An exploratory study of the effects of stormwater pipeline materials on transported stormwater quality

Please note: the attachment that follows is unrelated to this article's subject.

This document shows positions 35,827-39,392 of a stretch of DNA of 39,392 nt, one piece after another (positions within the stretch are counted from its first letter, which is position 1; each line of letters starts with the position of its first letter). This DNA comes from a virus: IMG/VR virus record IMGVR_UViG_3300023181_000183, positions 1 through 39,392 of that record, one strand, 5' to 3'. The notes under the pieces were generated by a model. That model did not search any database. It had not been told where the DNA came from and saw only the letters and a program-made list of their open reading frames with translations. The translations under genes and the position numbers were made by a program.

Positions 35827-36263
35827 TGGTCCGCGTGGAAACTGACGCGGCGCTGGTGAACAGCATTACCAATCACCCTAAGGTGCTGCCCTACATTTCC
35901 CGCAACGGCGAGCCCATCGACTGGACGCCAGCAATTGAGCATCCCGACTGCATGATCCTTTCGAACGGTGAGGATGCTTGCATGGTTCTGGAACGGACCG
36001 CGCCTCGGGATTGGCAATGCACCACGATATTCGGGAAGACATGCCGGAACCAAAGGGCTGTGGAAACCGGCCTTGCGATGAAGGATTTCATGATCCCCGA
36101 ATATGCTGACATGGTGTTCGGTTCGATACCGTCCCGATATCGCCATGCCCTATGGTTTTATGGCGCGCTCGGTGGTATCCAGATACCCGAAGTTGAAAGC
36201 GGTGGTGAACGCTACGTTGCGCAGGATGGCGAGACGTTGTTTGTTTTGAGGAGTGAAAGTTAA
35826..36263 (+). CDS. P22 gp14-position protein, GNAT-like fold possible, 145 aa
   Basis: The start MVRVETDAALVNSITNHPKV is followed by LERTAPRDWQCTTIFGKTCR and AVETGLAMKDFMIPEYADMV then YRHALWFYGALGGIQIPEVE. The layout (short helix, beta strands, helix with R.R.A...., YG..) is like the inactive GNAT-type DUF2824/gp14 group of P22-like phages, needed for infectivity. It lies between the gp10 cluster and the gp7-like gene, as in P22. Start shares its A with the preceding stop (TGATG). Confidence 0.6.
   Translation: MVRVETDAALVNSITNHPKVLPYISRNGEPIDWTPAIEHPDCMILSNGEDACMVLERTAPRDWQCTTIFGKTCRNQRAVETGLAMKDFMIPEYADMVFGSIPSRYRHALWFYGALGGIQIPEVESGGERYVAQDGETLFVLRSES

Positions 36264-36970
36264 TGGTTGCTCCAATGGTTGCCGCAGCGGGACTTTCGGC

Implications of three sewer pipe materials (concrete, galvanized corrugated steel, and polyvinyl chloride (PVC)) for stormwater quality were explored in laboratory experiments, in which three types of stormwater, SW1–SW3, were circulated in 0.5 m long sewer pipe sections. SW1 and SW2 represented synthetic rainwater, without and with fine street sediment added (CTSS = 150 mg/L), respectively, and SW3 was actual stormwater with the same sediment addition as SW2. Following 20-min runs, with an equivalent distance of 500 m travelled by water particles, a number of statistically significant changes in the stormwater chemistry were observed: (i) pH of all the simulated stormwaters increased in the concrete pipe (from 7.0–7.3 to 8.1–9.3), (ii) turbidity decreased in two stormwaters with sediments (SW2 and SW3) in concrete and galvanized corrugated steel pipes (by 50 and 85%, respectively), (iii) the type of stormwater affected the observed copper (Cu) concentrations, with Cudiss concentrations as high as 25.3 μg/L noted in SW3 passing through the PVC pipe, and (iv) zinc (Zn) concentrations sharply increased (Zntot = 759–1,406 μg/L, Zndiss = 670–1,400 μg/L) due to Zn elution from the galvanized steel pipe by all three stormwaters. Such levels exceeded the applicable environmental guidelines.